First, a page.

Hatsu Leaderboard Day 10

As we close out act 2, we have a very clear picture of the yusho race. In a nut shell, it’s Hakuho’s to lose. The dai-Yokozuna is a brutally skilled competitor, and after a couple of shaky matches to start the basho, he is dispatching all opponents with flair and style. For any other rikishi to have even a chance of contending for the cup, Hakuho would need to lose 2 matches. Short of injury over the next 6 days, that would be unlikely.

The only chaser is a resurgent Chiyonokuni, who while performing well, would likely prove no real challenge for Hakuho. Though a match between Hakuho and Yago would be interesting.

But the more interesting story might be Takakeisho’s bid to become Ozeki. After his 13 wins to take the Kyushu yusho, his magic number to reach 33 is 11 during the Hatsu basho. Headed into day 10. he is 7-2, and needs 4 wins over the next 6 days. But he has Takayasu and Hakuho to face. He last faced Hakuho at Aki, for a loss. After their initial match during Nagoya 2017, each subsequent bout has seen Takakeisho coming closer to presenting a worthy challenge. We expect the Takakeisho / Hakuho to be one of the highlights of act 3, and may happen as soon as day 11.

Leader: Hakuho
Chaser: Chiyonokuni
Hunt Group: Takakeisho, Tamawashi, Kaisei, Yago

6 Matches Remain

13 thoughts on “Hatsu Leaderboard Day 10

  1. i’d love to see Yago rejoin the chaser group which would be wonderful for his debut tournament in the top division. Blast that Black Knight – u can never discount him!

  2. Though a match between Hakuho and Yago would be interesting.
    LOL. We just discussed the same with my wife!

    And a Fighting Spirit Prize to Ikioi (at least) !!!! I would need that internal flame what drives him every day against the many injuries and – probably – pain.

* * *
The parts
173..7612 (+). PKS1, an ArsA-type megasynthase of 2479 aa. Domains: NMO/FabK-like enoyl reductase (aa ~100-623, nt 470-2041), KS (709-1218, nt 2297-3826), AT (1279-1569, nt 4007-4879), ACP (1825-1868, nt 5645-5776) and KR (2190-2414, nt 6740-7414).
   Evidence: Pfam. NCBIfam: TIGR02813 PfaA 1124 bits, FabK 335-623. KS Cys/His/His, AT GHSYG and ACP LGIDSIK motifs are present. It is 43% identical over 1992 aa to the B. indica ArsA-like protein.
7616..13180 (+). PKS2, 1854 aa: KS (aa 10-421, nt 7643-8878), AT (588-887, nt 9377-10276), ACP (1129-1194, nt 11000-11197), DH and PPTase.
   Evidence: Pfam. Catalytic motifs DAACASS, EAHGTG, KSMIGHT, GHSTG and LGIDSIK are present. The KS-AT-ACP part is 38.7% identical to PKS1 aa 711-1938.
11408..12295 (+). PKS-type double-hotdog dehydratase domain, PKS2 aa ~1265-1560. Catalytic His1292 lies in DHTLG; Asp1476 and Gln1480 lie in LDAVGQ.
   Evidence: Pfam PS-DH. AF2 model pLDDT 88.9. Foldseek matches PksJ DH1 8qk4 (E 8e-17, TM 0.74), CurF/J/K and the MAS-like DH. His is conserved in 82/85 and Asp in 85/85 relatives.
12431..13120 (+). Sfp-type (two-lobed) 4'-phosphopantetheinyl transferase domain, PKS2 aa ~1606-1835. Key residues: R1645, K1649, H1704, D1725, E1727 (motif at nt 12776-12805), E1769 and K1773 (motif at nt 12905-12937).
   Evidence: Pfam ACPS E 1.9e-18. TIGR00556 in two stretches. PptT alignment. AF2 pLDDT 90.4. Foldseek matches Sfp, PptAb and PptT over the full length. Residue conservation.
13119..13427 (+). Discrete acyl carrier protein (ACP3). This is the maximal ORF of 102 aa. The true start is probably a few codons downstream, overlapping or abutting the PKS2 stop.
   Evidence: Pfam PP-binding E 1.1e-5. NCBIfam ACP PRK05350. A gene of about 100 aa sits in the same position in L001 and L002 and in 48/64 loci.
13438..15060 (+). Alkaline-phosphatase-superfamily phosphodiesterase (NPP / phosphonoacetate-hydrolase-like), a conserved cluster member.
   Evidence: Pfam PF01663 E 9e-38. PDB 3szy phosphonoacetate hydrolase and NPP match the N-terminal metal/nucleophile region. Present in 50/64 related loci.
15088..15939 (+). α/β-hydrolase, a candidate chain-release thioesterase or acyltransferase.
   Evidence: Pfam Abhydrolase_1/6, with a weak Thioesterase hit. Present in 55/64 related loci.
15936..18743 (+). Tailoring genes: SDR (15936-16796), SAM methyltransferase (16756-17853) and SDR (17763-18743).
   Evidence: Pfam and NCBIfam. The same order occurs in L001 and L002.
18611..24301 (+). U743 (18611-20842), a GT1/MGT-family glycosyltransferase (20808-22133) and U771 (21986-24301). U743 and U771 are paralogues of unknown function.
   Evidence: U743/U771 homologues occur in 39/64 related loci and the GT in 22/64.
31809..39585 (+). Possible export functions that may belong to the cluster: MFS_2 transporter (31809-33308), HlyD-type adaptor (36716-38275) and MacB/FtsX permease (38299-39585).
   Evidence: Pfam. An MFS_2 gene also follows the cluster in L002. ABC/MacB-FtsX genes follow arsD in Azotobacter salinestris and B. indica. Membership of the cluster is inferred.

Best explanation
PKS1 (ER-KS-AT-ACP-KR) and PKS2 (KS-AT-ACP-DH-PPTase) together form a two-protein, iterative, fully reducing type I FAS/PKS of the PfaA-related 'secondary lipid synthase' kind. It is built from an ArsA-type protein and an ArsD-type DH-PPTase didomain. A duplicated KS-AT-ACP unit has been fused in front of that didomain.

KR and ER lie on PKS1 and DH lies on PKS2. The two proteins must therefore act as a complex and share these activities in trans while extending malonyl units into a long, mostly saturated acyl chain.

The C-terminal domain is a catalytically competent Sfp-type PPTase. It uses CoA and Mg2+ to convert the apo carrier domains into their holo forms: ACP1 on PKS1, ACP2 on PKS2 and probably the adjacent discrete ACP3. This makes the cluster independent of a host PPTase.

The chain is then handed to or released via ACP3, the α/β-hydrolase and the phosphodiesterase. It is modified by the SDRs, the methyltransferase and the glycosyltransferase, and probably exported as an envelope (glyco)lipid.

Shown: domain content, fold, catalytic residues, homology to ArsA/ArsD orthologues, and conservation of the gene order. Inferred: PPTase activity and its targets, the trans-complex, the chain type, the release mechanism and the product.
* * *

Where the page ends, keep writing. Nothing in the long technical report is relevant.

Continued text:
• The general rule is 33 wins over 3 consecutive basho at sanyaku ranks. So because he was M2 in the last basho this can only be the start of an Ozeki run

      He spent a long time at Sekiwake previously and while comfortable at that rank, I don’t think he ever really threatened an Ozeki promotion

    • When and on what basis? He was 4-11 as Komusubi two basho again. Even if they count his unremarkable 9-6 at M2 in Kyushu, he’d need to average 12 wins this basho and next. So perhaps if he finishes out this basho with at most one more loss and puts up similar numbers in Osaka. More likely, he’ll need to string together 3 consecutive strong double-digit-win basho at Sekiwake, something he hasn’t been able to do in the past.

      • On NHK Highlights last night, I think Raja Pradhan said something along the lines of Tamawashi is trying for Ozeki. It isn’t something I note that they would usually say for any old random Sekiwake who is there for the first time (ie mention that potential step up to ozeki). Which made me wonder whether he was considered to be on a run.

          • I think that’s it Tom, he’s definitely talked before about his desire to make Ozeki but doing it is another matter!

          • Fair enough, he’s certainly looked like an Ozeki this tournament. He’s had a few strong basho in the past, but hasn’t been super-consistent, and his best top-division record is 11-4, achieved only once. Would be great to see him go on a run.


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